Zoning changes could require a percentage of affordable units in newly built multi-family housing, and / or allow denser multi-family construction in areas now restricted to single-family homes. These steps might at least provide more affordable housing options to city residents. PUSH Buffalo, an organization working for economic and environmental justice, offers a potential model for community-driven plans designed to develop and preserve affordable housing, while also building green infrastructure and providing training in green jobs. Broader efforts to improve life for those in poverty – whether through better public transportation, a truly region-wide effort to improve public education, actively encouraging employers to locate and hire within the city – might begin to address some of the reasons so many of our neighbors fear displacement in the first place.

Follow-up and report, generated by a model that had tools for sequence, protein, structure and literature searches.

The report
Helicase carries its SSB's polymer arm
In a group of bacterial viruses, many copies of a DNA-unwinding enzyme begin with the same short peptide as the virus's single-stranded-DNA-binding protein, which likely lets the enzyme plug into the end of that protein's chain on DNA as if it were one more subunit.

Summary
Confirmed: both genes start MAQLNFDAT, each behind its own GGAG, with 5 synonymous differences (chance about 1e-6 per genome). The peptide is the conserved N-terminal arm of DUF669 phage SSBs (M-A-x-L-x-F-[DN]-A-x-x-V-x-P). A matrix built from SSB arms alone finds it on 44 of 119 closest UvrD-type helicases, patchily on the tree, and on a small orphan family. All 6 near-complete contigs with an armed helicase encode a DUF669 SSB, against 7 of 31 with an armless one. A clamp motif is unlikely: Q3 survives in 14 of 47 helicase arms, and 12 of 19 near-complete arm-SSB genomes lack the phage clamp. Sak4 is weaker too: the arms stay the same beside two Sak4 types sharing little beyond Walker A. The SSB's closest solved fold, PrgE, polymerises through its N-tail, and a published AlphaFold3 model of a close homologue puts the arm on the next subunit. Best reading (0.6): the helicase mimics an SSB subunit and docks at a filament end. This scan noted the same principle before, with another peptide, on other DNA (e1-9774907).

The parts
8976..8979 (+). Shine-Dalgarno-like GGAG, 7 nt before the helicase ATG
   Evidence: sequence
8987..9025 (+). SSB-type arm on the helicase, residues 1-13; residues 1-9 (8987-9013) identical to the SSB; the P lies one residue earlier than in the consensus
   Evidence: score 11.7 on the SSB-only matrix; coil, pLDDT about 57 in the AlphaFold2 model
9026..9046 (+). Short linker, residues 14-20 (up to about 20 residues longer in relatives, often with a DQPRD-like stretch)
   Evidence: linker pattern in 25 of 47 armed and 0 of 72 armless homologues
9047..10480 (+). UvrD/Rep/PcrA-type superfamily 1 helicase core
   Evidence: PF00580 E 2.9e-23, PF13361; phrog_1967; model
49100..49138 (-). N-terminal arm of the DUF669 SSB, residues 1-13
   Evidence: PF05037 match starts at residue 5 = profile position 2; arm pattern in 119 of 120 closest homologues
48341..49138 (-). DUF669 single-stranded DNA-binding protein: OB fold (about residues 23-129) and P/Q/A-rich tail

David Riley is a planner, researcher and former journalist. He worked in community journalism for a decade before earning a master’s degree in urban planning at the University at Buffalo. He has worked as an independent consultant on planning and data analysis projects, and completed a graduate internship with the Community Design Center Rochester. He now works as a research associate at CGR (Center for Governmental Research) and lives in the City of Rochester with his wife and daughter. He is particularly interested in how public policy can improve life in cities. 

Photo credit (cover): Jake Sell Hicks